Hurt Minds is a commentary by Derek Russel Davis about Macbeth and the physiological side of the murders in the play. One of Macbeth's first crises is his future role as a leader is unclear. He is already a loyal thane and brute warrior but in his mind he wants more power. The witches spark this idea when they address him as "King hereafter" (I.iii.50). Macbeth understands the danger the "instruments of darkness" are capable of but his inner desire to be king overshadows the danger. This is especially true when Macbeth learns Duncan has named Malcolm successor to the throne.
The thought of becoming King changes many relationships in Macbeth's life. Banquo was like a brother to Macbeth but after the meeting with the witches he can talk to him free heartily. While Banquo is skeptic of the witches fortune, it was just enough light to fuel Macbeth's fire. This fire would rage in Lady Macbeth as well. Not much was known about her behavior before she received the letter from Macbeth detailing the "witches' promising greatness." When she learns that Duncan is visiting, she decides to drop all her womanly feelings and fill the gap with ruthlessness. This ruthlessness is illustrated when she taunts Macbeth. The fact that Macbeth has not fathered children and Lady Macbeth has "given suck" makes Macbeth more sensitive to her jeering to commit the murder. Macbeth's courage in battle is an over-computation for his insecurities that Lady Macbeth exposes. Killing Duncan would prove to his wife he is a man and better their relationship.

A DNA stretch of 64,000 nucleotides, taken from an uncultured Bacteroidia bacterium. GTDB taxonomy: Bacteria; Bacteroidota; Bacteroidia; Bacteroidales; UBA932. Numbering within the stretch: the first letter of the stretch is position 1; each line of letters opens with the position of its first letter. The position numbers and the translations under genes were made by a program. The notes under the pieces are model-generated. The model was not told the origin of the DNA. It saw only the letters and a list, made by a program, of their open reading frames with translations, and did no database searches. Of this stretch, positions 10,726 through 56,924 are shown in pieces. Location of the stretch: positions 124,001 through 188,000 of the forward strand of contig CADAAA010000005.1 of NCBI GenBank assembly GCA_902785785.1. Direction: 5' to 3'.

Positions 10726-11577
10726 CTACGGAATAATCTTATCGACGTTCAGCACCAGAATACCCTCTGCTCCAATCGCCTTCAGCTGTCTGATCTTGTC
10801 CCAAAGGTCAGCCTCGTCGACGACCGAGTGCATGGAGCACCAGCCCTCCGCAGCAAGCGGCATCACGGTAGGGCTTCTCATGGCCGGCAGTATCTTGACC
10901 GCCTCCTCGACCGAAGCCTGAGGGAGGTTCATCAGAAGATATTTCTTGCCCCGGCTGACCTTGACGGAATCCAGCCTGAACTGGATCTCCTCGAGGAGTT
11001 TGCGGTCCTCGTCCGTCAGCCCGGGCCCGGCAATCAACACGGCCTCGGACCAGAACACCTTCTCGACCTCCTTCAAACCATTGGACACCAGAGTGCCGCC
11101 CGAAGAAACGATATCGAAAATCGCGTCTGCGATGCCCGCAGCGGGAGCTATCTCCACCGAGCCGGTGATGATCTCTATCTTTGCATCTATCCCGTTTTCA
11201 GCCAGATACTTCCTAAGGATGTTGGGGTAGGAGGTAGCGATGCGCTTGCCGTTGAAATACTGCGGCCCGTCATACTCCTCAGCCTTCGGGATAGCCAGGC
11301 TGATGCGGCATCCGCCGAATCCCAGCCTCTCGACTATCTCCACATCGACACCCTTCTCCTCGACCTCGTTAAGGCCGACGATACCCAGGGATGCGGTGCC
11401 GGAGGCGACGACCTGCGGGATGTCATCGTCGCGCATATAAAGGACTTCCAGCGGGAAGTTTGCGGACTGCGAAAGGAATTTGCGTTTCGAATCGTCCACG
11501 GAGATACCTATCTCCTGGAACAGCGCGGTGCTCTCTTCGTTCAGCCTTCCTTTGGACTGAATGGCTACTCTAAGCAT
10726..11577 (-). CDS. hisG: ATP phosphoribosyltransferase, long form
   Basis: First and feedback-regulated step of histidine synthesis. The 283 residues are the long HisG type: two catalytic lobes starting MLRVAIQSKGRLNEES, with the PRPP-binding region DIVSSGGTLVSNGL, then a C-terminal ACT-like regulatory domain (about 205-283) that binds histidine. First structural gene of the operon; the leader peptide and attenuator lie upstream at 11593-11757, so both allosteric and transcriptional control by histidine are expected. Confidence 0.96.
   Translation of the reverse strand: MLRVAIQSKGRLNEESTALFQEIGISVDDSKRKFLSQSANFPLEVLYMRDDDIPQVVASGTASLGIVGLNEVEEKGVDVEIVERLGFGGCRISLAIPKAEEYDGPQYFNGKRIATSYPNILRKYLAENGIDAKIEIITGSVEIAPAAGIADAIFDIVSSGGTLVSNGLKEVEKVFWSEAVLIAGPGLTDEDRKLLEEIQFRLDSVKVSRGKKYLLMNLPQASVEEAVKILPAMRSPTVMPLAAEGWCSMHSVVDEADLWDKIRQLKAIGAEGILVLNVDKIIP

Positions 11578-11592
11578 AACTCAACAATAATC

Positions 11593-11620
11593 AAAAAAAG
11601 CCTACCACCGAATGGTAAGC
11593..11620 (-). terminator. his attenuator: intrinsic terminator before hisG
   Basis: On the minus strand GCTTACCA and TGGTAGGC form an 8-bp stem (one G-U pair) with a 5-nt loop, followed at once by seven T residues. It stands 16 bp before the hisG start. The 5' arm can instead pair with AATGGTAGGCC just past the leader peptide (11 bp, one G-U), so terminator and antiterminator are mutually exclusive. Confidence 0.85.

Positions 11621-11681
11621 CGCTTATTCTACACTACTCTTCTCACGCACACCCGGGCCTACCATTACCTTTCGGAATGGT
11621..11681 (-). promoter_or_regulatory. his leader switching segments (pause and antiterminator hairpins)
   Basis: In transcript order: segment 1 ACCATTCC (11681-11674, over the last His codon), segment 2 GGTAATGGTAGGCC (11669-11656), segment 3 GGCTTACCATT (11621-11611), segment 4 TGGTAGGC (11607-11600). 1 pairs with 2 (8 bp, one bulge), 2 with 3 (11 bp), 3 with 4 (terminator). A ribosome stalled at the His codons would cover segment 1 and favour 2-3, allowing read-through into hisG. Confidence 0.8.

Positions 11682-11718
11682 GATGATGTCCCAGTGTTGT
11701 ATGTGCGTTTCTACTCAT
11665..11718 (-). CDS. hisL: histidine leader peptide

Immediately after the murder, Macbeth suffers psychologically. Macbeth becomes very jumpy and every noise worries him. He also shows disorganization in his behavior when he brings back the daggers from the murder. He was supposed to plant the bloody daggers on the guards but after he stabbed Duncan he became discombobulated. Scenes of remembrance from the murder haunt his dreams every night and strip Macbeth of his sleep....
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